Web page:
But the Harvard athletic administration had different ideas. Baron Pittenger Jr. said that Harvard was looking for: a) A coach that would assume control and give direction to the team. There had definitely been dissatisfaction in the athletic office over the way the swim coaches had handled the Cahalan hassle, particularly the bad publicity they felt it received in the Crimson and elsewhere. b) "We wanted to attract the best coach possible." The sentiment expressed in numerous quarters was "Benn's a great guy but not a great coach." c) "We wanted a coach who understood the Harvard system and its philosophy, approved of it, and would fit harmoniously in it." Here appeared to be Benn's strongpoint, but if the Harvard system was to produce 2-5 teams in the Eastern league, there was feeling that the system could use a little revamping.

So the committee went into one of Harvard's patented nationwide searches. Rumors of possible choices included just about every big name coach in the U.S., including George Haines. Indiana's Doc Counsilman, Long Beach's Don Gambril, and USC's Peter Dayland. The list was whittled down, coaches flown in for interviewing, and the committee came down to their final two prospects--Merritt and Gambril. The vote was 4-3 for Benn, nevertheless Gambril was hired as Harvard's new head swimming coach. Baron Pittenger described what happened this way. "Undergraduates on a selection committee will always choose the known over the unknown. Their personal loyalty gets in the way of objectively looking at all candidates. We learned a lesson from those selection committees last year, and while we will always consult with the athletes themselves, they shouldn't participate as full voting members."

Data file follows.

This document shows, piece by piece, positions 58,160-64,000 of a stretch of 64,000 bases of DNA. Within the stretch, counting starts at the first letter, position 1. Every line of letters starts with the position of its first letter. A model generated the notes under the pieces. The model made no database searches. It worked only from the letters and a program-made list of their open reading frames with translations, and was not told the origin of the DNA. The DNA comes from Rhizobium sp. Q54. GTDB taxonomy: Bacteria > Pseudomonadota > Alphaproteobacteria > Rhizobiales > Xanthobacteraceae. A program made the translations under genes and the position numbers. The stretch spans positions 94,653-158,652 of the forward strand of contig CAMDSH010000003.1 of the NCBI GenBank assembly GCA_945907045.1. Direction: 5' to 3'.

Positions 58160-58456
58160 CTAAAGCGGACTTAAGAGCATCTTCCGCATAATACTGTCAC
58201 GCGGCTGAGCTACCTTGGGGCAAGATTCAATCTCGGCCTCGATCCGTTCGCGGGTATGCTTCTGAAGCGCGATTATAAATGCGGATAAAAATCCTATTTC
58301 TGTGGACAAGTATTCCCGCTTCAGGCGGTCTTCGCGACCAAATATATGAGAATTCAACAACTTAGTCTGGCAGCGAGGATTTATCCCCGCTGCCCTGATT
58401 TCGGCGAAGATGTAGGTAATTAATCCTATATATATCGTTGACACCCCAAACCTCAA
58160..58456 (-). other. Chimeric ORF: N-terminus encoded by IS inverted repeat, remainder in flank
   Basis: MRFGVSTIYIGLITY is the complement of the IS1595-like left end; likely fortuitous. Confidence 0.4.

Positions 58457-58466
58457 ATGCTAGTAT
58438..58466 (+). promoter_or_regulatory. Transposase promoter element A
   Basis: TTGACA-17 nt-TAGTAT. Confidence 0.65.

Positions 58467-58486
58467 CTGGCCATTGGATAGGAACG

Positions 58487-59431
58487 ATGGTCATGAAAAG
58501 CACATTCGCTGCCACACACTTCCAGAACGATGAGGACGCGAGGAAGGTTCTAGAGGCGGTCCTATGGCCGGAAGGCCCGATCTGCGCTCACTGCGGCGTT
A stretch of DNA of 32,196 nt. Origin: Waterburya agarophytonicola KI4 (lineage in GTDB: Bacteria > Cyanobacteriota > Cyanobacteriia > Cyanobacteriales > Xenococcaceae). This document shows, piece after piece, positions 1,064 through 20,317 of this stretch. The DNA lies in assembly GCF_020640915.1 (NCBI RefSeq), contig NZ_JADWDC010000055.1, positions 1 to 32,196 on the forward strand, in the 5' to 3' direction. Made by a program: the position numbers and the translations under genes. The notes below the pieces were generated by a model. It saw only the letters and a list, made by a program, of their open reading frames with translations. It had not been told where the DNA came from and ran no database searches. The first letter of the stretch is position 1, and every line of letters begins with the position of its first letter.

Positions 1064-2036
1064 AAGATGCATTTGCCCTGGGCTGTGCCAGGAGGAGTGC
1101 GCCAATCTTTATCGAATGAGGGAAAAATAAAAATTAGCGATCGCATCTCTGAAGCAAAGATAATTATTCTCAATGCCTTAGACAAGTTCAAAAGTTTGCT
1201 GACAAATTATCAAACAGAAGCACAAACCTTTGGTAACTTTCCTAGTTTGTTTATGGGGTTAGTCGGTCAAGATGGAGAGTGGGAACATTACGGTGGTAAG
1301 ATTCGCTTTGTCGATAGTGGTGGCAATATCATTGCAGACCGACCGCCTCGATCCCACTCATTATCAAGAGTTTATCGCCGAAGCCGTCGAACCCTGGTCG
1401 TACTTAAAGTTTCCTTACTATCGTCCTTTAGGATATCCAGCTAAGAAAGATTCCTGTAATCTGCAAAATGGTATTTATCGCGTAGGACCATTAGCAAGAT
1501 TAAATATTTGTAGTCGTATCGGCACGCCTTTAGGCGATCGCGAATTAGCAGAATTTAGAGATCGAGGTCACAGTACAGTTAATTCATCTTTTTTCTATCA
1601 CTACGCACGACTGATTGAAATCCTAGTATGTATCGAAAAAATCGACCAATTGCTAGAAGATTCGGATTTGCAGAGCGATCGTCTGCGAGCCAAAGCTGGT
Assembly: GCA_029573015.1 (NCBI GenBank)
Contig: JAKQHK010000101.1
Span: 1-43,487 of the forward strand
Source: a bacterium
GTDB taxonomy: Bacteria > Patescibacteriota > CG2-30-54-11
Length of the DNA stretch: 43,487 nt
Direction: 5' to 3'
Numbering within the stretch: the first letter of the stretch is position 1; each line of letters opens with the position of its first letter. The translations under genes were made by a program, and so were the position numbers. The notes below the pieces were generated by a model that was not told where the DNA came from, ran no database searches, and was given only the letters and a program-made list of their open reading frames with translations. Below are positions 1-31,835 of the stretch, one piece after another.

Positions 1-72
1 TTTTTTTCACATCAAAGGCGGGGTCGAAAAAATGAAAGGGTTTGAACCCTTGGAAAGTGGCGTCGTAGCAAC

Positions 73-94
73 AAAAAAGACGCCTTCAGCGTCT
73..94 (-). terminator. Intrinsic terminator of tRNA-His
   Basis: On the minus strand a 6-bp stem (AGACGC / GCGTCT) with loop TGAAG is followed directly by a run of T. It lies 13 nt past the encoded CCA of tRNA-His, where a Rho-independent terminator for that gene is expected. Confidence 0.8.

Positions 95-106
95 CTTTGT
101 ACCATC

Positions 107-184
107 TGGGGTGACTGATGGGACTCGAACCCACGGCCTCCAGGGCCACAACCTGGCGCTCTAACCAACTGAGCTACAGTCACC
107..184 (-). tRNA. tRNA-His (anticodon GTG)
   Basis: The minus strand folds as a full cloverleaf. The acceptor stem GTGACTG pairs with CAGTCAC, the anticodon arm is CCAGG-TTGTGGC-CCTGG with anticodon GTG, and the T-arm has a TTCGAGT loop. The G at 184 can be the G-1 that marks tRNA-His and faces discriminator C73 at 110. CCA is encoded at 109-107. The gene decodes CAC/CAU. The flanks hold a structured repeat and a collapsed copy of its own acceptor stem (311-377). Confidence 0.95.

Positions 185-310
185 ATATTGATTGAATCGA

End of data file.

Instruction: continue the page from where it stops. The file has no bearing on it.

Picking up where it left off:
Gambril confirmed that during the interview process Athletic Director Bob Watson and Co."...were not too pleased with the way the swim program was going"-and then hastily added, "but their aim was not to win championships." He was assured that if hired that was an expression of their belief that he would fit in well at Harvard and that the athletic administration would back him up in any decisions he made.

Don Gambril came to Harvard from the uppermost reaches of national and international swimming. His career dual meet record previous to this year was 67-6, his Long Beach swimmers won the NCAA college-division championships in 1968, and, after moving up to the university division, finished fifth in 1970 and 1971. He was assistant Olympic coach at Mexico City in 1968, coaching eight gold medal winners, and he will be back in Munich this fall. His Phillips 66 AAU team has won three consecutive long-course titles, and his swimmers have established 20 world records. It's been a long time since he has been used to finishing second, and there is no particular reason to believe he'll settle with being second at Harvard.

The announcement of Gambril's selection as head coach on May 8 was more than coincidence. This gave him enough time to put in calls to the 11 known swimmers that Harvard had accepted. Of the three freshmen stars on this years squad. Tim Neville, Dave Brumwell, and Rich Baughman, his phone call made the difference in Brumwell and Baughman coming here. One of Baughman's complaints about his high school swim program at New Trier, Illinois, was that his coach just didn't give him enough work. He decided on Harvard because "Don is definitely one of the best coaches in the world, and I knew I could get tough workouts from him."

The upperclassmen didn't share Baughman's enthusiasm. Some had a wait and see attitude, but many were upset that Merritt hadn't gotten the job and had visions of Gambril as a crew-cut, marine drill sergeant who would wring a national championship out of Harvard if it killed them all. Gambril felt this hostility, and in his first appearance before the swimmers last May 17 he treaded softly, was well-spoken, and let the team know that radical changes weren't in the planning stages: no one would be cut, twice a day practices would not be required, and the team could dress and wear their hair as they pleased.